Amoxtli: Painted Histories of Indigenous Mexico


Amoxtli is the word for “book” in Nahuatl, one of the indigenous languages of Mexico. This exhibition highlights painted books created and used by the Nahua, Ñnu Dzaui (Mixtec), and Maya peoples from ancient times through the first century of Spanish colonization, and their continued uses and relevance over time. Indigenous painted books contain valuable information about history, religion, the natural world, economics, society, and the law. Their changing interpretations over the centuries show that arguments about the past always have important stakes in the present.

This online exhibition was curated by USC undergraduate students in the Thematic Options program working under the direction of Professor Daniela Bleichmar as a final project for the class “The Changing History of the Aztec Past” (Fall 2021). The online exhibition is based on a semester of work with rare materials in USC Special Collections, especially from the Boeckmann Collection of Iberian and Latin American materials, and serves as a companion to a physical exhibition installed in Doheny Library between November 2021 and January 2022.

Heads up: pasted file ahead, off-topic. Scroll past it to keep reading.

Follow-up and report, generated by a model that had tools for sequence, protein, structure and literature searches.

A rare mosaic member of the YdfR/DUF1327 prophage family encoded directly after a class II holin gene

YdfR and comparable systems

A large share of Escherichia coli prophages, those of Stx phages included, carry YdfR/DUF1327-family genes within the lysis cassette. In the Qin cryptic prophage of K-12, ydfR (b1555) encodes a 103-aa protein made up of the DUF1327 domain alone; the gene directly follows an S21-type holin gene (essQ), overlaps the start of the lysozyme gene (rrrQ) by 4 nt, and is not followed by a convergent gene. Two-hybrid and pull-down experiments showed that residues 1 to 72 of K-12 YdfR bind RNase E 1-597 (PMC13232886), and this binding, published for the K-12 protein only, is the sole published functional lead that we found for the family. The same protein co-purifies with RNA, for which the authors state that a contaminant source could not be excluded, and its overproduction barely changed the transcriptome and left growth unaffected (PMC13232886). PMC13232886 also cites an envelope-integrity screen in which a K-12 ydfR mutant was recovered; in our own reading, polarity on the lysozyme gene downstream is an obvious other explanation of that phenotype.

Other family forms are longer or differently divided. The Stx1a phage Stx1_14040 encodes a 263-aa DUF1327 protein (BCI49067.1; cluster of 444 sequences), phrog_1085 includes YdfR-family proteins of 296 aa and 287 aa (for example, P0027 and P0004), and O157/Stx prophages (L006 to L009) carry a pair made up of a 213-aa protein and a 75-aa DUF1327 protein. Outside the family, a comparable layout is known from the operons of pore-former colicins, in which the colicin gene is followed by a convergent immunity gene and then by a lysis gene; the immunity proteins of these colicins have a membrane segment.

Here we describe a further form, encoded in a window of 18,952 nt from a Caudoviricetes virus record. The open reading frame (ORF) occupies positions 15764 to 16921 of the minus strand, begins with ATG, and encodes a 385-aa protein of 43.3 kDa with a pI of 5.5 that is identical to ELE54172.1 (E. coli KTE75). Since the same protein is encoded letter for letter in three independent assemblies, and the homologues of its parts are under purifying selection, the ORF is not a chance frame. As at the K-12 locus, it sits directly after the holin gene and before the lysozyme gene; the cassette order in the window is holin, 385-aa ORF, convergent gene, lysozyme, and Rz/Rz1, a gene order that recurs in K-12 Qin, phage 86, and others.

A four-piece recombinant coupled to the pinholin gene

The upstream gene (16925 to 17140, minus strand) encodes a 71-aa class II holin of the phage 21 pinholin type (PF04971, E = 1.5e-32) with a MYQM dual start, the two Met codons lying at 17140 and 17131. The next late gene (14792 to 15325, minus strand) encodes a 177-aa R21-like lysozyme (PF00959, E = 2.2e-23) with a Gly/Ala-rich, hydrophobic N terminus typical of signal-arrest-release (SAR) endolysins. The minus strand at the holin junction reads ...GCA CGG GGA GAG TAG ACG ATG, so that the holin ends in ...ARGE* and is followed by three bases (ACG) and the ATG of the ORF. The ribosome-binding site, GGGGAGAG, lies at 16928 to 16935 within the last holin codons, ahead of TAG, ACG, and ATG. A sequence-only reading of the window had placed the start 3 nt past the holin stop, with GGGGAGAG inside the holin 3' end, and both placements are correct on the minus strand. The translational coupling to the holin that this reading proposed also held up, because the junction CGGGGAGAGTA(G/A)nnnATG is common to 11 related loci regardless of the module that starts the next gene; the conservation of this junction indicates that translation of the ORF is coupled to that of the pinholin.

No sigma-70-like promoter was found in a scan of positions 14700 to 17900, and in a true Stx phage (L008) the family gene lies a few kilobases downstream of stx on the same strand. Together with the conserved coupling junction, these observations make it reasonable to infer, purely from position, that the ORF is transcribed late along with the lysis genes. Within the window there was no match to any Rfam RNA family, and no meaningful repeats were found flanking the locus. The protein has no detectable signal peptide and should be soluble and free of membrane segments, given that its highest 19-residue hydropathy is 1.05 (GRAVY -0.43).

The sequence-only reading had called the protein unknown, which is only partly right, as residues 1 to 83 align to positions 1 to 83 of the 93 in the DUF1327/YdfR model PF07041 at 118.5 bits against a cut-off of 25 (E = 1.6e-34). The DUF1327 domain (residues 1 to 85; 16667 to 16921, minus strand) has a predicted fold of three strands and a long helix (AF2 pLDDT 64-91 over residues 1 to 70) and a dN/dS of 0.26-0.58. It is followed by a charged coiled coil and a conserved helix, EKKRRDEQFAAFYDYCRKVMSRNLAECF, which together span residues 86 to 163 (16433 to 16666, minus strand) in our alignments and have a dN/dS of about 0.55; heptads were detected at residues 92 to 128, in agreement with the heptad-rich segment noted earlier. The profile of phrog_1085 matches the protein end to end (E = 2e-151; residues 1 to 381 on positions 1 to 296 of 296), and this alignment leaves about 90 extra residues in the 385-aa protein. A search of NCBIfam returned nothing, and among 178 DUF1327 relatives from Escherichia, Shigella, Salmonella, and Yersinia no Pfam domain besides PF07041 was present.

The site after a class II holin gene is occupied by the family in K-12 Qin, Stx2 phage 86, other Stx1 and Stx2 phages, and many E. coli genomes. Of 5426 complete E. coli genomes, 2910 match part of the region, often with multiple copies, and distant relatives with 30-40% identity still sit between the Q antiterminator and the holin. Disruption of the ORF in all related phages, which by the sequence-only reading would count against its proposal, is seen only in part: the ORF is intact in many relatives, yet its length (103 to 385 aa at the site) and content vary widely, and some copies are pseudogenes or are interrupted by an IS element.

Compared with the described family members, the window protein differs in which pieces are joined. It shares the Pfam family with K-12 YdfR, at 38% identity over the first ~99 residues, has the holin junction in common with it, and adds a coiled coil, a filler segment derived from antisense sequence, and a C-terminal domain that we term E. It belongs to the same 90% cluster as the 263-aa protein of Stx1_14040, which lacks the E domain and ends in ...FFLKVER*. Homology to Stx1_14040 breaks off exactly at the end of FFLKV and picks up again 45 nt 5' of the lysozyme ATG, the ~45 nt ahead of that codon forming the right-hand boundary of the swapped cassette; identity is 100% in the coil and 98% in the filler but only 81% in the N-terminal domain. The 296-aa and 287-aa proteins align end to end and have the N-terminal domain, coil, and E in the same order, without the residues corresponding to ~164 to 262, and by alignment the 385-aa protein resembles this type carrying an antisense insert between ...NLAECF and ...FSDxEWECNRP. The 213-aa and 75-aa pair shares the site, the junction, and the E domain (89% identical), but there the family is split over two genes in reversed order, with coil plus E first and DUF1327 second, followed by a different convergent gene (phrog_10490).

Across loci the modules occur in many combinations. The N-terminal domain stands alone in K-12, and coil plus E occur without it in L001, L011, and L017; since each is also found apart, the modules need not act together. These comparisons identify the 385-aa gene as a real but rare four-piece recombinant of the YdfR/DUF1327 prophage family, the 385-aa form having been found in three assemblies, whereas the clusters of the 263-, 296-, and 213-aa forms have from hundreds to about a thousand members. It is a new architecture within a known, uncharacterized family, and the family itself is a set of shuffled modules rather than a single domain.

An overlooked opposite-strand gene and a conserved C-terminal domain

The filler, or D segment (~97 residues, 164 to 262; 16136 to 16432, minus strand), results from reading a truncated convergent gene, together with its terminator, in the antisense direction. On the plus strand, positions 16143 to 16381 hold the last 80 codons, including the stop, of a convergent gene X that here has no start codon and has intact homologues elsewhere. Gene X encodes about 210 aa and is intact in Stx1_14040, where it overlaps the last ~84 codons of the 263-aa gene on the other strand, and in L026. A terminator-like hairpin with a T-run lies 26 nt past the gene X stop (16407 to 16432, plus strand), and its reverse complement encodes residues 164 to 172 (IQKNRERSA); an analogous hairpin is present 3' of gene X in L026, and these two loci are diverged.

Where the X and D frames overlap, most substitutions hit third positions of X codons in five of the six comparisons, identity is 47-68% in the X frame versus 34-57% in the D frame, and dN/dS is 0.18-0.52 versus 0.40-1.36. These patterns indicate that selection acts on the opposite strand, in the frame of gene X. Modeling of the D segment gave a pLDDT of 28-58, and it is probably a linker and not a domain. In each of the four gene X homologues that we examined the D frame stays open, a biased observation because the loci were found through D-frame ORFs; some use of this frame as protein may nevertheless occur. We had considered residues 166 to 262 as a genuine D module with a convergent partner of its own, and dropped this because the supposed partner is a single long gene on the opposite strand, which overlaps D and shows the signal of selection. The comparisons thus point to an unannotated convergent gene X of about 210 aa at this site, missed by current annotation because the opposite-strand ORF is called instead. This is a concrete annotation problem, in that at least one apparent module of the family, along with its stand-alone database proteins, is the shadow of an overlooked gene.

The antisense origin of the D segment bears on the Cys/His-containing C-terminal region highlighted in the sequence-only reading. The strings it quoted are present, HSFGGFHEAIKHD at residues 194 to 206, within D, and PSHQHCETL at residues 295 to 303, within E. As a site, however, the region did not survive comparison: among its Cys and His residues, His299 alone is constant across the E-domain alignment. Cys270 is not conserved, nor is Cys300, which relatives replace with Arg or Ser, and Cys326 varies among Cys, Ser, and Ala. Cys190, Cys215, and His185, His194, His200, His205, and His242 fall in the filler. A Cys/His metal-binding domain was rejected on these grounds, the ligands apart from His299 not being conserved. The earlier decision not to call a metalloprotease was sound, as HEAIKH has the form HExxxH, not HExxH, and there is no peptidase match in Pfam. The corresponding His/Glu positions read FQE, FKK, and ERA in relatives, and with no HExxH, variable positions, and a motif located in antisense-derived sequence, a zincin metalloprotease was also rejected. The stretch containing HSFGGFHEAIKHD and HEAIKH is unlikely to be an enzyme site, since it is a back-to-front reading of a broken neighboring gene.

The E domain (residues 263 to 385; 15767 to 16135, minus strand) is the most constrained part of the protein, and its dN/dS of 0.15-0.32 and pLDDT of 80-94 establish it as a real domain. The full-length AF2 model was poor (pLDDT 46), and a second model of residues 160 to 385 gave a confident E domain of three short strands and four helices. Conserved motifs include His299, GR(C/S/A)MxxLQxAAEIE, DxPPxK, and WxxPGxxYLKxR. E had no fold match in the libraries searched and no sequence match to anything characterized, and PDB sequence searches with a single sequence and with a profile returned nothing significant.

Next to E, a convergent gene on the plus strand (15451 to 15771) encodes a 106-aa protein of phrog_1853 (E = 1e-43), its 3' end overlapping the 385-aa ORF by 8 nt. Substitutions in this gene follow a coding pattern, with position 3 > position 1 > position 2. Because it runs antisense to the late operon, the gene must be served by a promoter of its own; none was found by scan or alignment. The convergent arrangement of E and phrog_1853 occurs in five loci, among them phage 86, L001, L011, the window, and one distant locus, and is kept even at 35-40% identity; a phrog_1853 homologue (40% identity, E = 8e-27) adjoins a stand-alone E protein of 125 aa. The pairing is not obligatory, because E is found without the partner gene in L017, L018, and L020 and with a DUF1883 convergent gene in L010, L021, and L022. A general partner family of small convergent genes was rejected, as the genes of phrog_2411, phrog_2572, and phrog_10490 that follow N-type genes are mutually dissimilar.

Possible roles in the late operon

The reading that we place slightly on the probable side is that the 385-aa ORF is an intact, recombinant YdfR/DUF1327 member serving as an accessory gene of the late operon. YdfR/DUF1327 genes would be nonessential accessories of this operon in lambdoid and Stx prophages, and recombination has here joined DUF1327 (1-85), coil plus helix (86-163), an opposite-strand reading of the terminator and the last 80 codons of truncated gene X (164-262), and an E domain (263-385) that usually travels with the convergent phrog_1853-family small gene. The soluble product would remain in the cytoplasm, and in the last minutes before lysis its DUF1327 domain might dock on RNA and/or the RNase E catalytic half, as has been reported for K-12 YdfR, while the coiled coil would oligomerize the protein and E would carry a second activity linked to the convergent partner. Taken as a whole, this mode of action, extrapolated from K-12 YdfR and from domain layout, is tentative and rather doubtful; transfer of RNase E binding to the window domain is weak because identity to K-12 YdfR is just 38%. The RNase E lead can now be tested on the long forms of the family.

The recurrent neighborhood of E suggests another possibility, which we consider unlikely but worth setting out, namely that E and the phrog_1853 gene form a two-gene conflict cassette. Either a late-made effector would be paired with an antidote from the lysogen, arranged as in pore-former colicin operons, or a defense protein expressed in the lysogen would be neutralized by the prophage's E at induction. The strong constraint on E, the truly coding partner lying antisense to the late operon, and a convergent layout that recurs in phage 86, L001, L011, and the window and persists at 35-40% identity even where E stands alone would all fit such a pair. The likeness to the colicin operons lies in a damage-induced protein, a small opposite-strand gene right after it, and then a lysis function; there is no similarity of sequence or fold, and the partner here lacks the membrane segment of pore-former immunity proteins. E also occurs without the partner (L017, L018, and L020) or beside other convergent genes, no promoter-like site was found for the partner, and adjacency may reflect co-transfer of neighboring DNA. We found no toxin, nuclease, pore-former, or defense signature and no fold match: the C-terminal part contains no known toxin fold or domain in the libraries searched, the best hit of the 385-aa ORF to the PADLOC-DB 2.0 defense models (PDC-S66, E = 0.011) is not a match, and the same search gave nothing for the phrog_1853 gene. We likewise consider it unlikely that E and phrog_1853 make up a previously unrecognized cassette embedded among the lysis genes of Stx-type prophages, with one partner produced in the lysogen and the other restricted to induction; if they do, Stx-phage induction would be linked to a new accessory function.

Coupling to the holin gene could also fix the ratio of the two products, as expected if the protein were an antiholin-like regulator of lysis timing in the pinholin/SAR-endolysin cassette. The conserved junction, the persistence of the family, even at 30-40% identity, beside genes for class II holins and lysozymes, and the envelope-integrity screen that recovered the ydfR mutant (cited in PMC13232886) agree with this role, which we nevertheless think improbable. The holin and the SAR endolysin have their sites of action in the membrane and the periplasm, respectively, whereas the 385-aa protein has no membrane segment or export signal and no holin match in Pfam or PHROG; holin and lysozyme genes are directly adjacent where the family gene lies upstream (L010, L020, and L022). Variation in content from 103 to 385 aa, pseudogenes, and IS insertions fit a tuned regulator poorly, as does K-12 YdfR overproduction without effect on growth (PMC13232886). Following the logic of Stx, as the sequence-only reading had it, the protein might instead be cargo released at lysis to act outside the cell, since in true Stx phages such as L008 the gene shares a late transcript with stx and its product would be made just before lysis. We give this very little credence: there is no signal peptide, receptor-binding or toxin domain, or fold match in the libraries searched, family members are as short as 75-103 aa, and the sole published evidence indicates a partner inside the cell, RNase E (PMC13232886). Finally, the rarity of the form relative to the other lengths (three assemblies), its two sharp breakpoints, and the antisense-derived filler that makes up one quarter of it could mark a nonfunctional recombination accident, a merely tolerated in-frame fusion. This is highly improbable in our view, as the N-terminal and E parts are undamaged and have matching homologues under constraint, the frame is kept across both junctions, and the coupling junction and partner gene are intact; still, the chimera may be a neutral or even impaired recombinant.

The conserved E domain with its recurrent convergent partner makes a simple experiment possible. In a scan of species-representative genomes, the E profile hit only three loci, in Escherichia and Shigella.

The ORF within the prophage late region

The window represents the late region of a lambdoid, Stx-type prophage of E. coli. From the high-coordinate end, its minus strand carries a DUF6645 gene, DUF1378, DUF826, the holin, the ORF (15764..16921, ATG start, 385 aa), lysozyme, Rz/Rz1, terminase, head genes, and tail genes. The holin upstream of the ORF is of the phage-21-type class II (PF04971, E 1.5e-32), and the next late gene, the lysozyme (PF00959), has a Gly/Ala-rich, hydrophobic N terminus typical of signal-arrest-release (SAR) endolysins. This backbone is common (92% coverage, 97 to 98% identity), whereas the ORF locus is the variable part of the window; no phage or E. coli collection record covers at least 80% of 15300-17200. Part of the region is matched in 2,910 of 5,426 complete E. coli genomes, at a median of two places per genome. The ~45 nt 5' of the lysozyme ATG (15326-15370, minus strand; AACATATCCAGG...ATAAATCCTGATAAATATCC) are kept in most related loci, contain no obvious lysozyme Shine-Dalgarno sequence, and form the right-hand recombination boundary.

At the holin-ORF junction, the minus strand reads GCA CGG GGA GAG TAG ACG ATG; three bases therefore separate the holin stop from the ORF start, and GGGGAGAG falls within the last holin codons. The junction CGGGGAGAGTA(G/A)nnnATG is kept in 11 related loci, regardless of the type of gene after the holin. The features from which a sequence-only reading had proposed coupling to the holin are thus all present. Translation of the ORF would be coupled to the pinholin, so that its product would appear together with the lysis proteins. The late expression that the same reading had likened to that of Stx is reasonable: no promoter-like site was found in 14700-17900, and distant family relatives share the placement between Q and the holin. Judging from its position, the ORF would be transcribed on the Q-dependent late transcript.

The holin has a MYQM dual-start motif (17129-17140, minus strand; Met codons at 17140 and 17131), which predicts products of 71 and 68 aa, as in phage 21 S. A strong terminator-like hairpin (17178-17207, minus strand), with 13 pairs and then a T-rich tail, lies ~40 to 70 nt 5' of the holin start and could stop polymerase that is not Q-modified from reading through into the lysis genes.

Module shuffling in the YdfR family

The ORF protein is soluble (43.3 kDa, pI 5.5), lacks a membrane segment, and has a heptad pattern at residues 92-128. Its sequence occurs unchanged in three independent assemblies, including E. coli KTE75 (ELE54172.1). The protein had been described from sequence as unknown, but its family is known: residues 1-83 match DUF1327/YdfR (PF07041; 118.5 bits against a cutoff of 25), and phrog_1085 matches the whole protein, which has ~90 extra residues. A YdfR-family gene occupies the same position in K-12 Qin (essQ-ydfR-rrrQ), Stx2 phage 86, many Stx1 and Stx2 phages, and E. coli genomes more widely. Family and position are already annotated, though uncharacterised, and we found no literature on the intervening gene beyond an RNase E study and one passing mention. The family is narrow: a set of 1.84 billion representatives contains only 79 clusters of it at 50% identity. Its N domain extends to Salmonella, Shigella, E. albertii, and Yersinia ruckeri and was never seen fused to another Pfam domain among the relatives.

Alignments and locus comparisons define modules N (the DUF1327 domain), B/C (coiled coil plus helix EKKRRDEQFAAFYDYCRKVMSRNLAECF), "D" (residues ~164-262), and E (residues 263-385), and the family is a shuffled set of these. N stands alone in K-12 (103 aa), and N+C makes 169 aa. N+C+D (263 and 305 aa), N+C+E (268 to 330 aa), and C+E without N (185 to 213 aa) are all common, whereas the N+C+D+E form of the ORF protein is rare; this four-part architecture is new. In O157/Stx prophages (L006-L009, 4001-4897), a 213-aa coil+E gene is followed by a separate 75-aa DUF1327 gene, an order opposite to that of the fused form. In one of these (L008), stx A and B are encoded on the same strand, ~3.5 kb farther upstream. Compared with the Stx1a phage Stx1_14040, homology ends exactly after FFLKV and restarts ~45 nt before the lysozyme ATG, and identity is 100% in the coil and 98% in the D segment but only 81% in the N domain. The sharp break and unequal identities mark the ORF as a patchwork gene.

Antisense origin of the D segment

Student curators: Erin Bell, Kellie Cao, Matt Chen, Lauren Gieck, Anna Greer, Rachel Heil, Ashley Hutchinson, Gloria Jin, Kirian Mischke-Reeds, Suhas Peela, Victor Perez, Lepakshi Poonamallee, Cameron Roper, Urban Seiberg, Cari Spencer, Cora Sverdrup, Oliver Tom, Andrew Vu, and Neha Yadav.

With many thanks to Michaella Ulman and Barbara Robinson (USC Special Collections); Tyson Gaskill (USC Libraries Exhibition and Programming); and the Thematic Options program.

This website was produced by staff at the Ahmanson Lab, part of the Sidney Harman Academy at USC Libraries.
Beneath the Paint:
Pre-Hispanic Codices
New Books for a New Time: Indigenous Codices of Colonial Mexico
The World on Paper: Perceptions and Constructions of the Americas
Forces of Change:
The Transformations of Mexican Codices

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